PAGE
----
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It's Only An NDA

It is only a nondisclosure agreement, a one-pager, what can it hurt? Such is often the observation when confronted with a simple, often one-page, nondisclosure agreement (NDA). Since it is so simple, one need not contact legal counsel to review the terms, or so the client thinks. Yet an NDA is a critical document that can, by itself, impair rights or reduce risk, depending on the terms. There is no such thing as a standard NDA and many terms may vary widely with significant consequences for the parties. This article provides an examination into a few of these terms and their use.

The NDA creates contractual and confirms equitable rights that provide protection for ideas and information. Information, data, ideas, plans or concepts, whether technical or business in nature, may be protected under trade secret law under a breach of confidence action. The breach of confidence action gives the person to whom the obligation of confidence is owed (discloser) the right to require the person who owes the obligation (recipient) to maintain the secret.

The elements of the action include a relationship of confidence, existence of specific confidential information and detriment arising from disclosure. The obligation of confidence may arise expressly in an NDA or other agreement, by implication, conduct or operation of law, including in pre-contractual negotiations. A special relationship, such as fiduciary, also implies an obligation of confidence.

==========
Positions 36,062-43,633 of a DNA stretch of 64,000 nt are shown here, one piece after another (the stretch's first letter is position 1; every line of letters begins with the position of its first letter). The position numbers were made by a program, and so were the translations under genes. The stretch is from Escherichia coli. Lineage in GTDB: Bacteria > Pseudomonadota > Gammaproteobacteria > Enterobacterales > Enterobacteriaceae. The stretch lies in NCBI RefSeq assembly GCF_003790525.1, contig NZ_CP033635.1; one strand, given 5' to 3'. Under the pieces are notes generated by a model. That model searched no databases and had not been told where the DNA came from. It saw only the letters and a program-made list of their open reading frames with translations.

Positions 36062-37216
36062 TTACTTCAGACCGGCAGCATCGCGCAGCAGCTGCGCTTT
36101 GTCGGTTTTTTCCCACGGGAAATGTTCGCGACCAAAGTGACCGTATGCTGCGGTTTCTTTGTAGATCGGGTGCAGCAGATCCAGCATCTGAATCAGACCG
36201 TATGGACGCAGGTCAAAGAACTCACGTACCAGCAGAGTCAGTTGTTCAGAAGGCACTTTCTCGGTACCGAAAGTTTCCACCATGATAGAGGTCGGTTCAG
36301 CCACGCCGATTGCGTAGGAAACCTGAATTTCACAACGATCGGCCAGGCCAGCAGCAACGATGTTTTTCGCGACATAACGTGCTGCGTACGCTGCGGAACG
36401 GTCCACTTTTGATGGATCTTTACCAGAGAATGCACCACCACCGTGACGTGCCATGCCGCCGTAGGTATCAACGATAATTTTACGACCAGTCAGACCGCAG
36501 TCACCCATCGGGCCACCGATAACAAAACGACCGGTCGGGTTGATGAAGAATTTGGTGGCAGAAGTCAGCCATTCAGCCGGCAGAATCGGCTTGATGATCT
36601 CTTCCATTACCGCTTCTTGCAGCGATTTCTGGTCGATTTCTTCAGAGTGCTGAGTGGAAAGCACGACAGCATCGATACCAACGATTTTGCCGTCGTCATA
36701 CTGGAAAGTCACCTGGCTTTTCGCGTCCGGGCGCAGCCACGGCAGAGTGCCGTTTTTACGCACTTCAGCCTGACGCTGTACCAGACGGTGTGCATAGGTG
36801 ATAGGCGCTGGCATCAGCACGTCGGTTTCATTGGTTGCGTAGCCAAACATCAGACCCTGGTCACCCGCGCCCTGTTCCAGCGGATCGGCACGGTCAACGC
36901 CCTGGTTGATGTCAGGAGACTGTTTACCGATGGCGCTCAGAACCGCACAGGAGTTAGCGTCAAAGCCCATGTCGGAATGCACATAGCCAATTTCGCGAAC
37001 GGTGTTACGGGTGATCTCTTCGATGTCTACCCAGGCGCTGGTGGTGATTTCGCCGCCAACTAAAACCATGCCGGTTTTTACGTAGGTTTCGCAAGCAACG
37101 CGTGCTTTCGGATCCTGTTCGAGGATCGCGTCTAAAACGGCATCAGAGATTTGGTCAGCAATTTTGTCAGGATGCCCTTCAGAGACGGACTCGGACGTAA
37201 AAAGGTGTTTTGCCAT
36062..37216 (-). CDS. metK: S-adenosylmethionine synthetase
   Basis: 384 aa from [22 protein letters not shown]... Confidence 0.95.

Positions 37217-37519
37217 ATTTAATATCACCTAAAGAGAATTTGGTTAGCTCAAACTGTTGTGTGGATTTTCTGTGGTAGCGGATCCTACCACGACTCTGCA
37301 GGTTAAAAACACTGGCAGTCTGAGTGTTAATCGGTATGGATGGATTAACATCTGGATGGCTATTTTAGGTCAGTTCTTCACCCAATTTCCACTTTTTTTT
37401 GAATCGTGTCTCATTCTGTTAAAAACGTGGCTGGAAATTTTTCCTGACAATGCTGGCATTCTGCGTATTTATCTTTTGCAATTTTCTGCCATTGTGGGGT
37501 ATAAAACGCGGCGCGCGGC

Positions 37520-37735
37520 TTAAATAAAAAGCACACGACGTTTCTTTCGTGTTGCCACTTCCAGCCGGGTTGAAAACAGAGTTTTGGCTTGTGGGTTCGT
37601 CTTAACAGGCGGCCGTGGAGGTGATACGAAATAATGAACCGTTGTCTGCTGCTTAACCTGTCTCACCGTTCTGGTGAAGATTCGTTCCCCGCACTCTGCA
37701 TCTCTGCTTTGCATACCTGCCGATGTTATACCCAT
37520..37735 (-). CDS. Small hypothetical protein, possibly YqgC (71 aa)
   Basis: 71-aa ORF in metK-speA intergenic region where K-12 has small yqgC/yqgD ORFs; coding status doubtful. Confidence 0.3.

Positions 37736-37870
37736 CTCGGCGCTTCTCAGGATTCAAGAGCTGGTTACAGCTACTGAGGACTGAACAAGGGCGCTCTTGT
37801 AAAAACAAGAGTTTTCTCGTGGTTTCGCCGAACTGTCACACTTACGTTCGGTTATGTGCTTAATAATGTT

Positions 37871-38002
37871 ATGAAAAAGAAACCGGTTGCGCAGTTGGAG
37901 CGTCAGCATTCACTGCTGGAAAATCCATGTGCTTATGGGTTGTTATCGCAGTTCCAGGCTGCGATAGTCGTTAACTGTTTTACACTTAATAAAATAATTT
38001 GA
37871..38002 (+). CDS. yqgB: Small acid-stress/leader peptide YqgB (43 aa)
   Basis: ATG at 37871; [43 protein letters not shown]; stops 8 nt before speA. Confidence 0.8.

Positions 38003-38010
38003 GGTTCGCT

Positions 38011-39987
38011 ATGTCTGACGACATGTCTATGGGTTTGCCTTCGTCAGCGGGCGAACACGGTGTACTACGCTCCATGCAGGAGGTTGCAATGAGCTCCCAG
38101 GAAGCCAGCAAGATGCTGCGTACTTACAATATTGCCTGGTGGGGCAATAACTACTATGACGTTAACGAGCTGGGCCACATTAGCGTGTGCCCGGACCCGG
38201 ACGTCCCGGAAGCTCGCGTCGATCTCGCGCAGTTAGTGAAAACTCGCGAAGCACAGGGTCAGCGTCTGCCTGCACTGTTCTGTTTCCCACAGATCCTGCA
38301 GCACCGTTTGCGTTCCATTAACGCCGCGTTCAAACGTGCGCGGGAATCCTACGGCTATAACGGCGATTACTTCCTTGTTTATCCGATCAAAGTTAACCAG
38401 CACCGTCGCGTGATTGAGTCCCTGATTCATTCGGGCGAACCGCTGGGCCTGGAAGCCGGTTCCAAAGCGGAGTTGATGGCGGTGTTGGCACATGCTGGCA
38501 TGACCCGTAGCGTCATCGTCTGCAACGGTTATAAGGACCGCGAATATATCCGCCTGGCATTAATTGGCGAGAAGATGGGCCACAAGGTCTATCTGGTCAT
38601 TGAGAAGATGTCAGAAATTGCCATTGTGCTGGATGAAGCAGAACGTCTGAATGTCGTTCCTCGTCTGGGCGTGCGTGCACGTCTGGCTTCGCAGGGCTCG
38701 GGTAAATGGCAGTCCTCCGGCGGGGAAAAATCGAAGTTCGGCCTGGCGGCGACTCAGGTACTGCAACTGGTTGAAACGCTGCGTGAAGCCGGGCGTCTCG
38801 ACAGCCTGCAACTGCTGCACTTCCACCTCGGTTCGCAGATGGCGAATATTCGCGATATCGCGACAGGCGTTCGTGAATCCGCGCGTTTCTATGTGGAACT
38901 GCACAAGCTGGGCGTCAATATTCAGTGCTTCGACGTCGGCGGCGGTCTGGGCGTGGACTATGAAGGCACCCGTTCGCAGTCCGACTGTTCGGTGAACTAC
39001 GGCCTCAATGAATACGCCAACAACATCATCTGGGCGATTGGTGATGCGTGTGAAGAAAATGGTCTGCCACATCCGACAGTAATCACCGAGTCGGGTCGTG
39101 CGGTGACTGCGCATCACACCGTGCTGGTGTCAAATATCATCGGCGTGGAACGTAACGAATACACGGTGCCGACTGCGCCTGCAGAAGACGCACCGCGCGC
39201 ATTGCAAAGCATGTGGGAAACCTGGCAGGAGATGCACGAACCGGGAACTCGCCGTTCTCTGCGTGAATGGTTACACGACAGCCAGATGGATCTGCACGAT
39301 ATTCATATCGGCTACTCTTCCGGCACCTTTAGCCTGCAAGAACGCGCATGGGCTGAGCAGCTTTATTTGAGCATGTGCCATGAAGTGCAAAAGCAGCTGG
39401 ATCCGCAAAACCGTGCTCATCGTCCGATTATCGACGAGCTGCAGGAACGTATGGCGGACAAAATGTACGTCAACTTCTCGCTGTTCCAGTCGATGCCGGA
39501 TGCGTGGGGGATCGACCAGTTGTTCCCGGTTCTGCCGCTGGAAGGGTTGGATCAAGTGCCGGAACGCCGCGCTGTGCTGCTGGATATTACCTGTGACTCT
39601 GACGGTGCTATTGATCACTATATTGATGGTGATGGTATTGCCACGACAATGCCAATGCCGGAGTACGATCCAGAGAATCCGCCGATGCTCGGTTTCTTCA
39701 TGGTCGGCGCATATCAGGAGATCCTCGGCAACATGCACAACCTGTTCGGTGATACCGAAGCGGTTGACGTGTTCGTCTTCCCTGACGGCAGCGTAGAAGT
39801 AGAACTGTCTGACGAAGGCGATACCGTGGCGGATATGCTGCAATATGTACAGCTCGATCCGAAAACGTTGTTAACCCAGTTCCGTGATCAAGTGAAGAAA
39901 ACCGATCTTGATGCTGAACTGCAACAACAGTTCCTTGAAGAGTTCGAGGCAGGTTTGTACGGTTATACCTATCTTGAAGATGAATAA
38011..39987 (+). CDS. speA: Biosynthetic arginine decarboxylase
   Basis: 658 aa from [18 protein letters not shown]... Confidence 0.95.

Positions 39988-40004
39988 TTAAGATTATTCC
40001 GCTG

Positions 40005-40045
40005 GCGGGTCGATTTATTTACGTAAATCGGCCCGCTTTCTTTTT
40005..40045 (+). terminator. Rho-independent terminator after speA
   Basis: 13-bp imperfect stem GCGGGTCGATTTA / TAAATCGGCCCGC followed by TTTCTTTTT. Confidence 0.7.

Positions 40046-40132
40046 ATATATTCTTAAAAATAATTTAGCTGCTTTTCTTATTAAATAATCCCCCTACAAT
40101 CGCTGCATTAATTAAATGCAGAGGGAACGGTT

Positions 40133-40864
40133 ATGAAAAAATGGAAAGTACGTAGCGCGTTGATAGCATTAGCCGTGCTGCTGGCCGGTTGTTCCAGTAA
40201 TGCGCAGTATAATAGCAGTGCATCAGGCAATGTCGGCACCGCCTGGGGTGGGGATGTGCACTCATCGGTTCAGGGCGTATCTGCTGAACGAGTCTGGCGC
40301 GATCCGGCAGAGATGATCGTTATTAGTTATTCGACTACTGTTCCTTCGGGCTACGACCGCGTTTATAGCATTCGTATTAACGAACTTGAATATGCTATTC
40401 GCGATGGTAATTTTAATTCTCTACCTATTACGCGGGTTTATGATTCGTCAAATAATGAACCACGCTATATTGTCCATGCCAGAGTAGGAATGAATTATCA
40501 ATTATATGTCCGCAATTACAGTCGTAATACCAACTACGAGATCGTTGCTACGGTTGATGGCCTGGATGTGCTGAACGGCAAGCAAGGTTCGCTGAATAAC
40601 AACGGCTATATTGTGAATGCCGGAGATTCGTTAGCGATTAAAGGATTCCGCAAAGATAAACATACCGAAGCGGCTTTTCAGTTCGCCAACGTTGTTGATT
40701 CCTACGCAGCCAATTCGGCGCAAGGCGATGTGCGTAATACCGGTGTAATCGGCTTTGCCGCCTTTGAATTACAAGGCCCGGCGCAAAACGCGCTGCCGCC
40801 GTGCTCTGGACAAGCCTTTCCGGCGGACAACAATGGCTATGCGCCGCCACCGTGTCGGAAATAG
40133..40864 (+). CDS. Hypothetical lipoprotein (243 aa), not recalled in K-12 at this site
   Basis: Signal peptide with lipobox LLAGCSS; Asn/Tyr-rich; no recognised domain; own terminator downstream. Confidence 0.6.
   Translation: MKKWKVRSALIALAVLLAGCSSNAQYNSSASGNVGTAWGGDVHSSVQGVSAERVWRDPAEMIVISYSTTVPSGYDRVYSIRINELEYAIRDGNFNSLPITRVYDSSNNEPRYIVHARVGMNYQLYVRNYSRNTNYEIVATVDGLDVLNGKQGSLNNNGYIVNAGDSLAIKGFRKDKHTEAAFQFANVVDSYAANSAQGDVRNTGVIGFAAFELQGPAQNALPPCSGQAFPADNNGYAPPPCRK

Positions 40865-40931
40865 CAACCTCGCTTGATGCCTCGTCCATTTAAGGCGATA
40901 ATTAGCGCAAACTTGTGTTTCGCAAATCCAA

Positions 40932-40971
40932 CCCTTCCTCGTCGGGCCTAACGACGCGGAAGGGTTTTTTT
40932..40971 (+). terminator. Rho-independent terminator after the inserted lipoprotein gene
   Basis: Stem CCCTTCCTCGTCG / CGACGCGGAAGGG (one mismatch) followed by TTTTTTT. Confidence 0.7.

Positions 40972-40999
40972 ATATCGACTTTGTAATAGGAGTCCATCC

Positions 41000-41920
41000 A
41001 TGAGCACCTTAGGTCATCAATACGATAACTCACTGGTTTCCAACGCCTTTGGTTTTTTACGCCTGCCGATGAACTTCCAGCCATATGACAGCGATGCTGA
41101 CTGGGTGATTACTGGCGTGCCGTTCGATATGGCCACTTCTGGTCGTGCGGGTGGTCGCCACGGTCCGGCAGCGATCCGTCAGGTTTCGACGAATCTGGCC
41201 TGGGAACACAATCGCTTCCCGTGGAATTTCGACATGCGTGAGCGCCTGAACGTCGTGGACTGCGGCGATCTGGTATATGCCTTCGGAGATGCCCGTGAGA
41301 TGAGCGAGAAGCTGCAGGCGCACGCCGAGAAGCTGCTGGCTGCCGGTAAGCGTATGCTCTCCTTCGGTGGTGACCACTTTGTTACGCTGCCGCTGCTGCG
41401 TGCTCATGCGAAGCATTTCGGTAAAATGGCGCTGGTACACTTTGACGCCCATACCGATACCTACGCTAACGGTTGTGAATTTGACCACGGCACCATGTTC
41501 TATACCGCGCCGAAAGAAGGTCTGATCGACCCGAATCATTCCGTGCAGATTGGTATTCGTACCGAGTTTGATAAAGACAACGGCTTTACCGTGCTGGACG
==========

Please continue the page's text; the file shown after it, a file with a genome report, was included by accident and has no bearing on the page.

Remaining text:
Advantages of an NDA include that the scope and extent of these obligations may be set out and displace implied obligations that may otherwise arise. An NDA also provides tangible evidence of the existence of the obligations of confidence as well as defining specific issues in the relationship. The following discussion introduces a number of the points in a basic NDA.

Form of Agreement

The essential elements of an NDA can typically be provided in a short document. Brevity is desired to facilitate establishing a relationship in a timely manner. A shorter document may provide less certainty in respect of other issues and so some NDAs add additional terms to further define the relationship. The decision on the degree of formality of an NDA is a matter of business judgment balancing the advantages of an informal shorter document versus the greater certainty provided in a more formal NDA.

An NDA may be unilateral or mutual. A unilateral NDA deals with the disclosure of confidential information from one party to the other party. A mutual NDA addresses where both parties will disclose confidential information to each other. Normally, consideration is stated to be the agreement to disclose and to the restrictions.


The disclosing party needs to know who will be bound by the obligations of confidence. One must differentiate between individuals to whom disclosure is made and a corporation that may be bound by the obligations. An issue is legal capacity of the signing party to bind an entity for which he purports to sign. While ostensible authority would typically be raised, query whether such an argument is effective where a junior individual in an organization signs on behalf of the organization.

Purpose of the Disclosure